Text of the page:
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English Tense and Aspect in Halliday's Systemic Functional Grammar

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This book is aimed at fellow practitioners and researchers in functional linguistics. It offers a friendly but critical appraisal of a major component of the ‘standard’ version of SFL, i.e. the account given by Halliday and Matthiessen of tense and aspect in English. Supporting his criticisms with evidence from a project in corpus linguistics, Bache suggests that this account fails in several ways to satisfy accepted functionalist criteria, and hence needs revising and extending.

After surveying alternative functionalist approaches to modelling time and tense in English (including Fawcett’s Cardiff school approach and Harder’s instructional-semantic approach), and after presenting a number of principles of category description, Bache goes on to offer an alternative SFL account of this area of grammar.

In Bache’s model, the focus is on the speaker’s communicative motivation for choosing particular verb forms. The relevant choice relations are seen to draw on metafunctionally diverse resources, such as tense, action, aspect and other domains. The basically univariate, serial structure of the verbal group is accordingly enriched with certain characteristics associated with multivariate structures, and the idea of recursion is abandoned. Bache finally examines the descriptive potential of his model in connection with projection, conditions, and narration.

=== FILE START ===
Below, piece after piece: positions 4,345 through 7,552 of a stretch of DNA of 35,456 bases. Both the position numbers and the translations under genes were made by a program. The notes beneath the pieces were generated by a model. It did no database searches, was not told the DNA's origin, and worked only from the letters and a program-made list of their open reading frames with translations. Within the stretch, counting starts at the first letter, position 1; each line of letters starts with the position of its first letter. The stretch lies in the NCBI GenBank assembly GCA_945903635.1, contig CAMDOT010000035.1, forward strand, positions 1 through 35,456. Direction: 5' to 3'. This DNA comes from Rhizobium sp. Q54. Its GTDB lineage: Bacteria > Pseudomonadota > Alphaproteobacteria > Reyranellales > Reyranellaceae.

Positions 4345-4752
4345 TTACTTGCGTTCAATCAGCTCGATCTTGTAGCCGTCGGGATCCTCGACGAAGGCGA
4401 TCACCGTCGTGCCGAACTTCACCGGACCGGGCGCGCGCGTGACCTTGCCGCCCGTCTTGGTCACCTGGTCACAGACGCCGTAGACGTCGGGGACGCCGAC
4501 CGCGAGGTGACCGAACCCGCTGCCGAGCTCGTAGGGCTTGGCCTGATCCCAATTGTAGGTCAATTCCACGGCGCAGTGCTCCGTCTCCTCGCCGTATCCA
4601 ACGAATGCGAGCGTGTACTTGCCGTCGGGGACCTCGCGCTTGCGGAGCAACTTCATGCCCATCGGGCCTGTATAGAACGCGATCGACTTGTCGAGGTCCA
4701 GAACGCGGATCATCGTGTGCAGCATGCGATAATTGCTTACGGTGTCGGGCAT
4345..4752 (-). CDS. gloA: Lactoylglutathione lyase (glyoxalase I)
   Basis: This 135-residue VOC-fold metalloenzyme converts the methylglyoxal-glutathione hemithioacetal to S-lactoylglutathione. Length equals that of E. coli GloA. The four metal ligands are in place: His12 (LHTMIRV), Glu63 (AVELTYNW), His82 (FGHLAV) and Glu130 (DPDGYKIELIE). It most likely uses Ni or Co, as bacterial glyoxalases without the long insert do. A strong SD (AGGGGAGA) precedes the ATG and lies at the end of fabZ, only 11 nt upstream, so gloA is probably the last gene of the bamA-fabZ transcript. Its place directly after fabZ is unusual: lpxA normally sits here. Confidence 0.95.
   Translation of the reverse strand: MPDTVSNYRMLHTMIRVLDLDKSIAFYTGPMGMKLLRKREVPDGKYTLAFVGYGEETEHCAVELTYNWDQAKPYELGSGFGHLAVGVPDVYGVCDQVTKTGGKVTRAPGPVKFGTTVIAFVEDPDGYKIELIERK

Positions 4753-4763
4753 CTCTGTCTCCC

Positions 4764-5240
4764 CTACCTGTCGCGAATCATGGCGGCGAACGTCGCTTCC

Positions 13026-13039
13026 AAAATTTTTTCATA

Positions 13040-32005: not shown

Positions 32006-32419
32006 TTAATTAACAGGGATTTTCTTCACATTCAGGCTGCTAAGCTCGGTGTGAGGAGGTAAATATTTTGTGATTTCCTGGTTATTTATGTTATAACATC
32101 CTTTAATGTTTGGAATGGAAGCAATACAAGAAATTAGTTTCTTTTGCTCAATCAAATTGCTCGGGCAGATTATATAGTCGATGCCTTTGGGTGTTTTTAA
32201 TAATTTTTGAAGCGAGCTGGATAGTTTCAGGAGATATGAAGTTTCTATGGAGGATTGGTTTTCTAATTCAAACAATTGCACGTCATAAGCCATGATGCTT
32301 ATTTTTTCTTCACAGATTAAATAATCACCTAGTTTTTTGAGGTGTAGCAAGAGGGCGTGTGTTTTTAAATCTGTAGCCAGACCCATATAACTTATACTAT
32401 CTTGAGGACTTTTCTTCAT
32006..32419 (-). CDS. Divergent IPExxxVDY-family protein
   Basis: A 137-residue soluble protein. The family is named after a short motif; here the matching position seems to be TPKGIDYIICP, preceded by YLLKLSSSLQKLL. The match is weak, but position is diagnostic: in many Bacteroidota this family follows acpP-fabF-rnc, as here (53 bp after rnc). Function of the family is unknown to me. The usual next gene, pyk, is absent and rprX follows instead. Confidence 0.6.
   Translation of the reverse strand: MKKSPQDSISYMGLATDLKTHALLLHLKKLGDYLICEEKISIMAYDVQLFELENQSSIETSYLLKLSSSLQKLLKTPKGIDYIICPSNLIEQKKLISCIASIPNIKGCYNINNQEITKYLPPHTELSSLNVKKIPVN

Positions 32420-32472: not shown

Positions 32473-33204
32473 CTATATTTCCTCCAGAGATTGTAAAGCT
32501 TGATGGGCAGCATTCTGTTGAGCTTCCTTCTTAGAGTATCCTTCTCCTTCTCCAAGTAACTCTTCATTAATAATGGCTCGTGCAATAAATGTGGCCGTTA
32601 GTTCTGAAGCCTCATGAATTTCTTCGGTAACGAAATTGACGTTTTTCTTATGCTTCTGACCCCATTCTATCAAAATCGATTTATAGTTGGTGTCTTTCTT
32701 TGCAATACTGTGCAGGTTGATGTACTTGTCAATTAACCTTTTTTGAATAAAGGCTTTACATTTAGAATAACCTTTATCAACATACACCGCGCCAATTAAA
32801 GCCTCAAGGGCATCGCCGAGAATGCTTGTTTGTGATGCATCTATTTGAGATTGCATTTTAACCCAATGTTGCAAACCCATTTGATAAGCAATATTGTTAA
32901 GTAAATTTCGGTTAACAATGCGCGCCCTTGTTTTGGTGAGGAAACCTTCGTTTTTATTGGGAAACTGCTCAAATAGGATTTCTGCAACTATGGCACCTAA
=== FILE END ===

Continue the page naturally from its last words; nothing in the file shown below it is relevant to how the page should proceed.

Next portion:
Published: Jan 1, 2009


Section Chapter Authors
Preface Carl Bache
Introduction Carl Bache
An introduction to the IFG model of tense Carl Bache
Problems with the IFG approach to tense Carl Bache
Towards an alternative Carl Bache
A new SFL description of tense and aspect Carl Bache
The narrative mode Carl Bache
Conclusion Carl Bache
End Matter
References Carl Bache
List of the sources of the examples Carl Bache
Appendix: Empirical investigation of the SFL tense system in BNC Carl Bache
Index Carl Bache

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'Carl Bache's book is not simply another monograph on tense and aspect. It is concerned specifically with the treatment of tense within Halliday's systemic functional grammar of English, notably in Halliday's An Introduction to Functional Grammar, henceforth IFG. It offers, amongst other things, a substantial critical appraisal of the IFG account and a proposal for an alternative model, located equally within the theoretical framework of systemic functional grammar, rather than within a more general functionally oriented frame-work.'
Gordon Tucker, Cardiff University, Functions of Language 18.2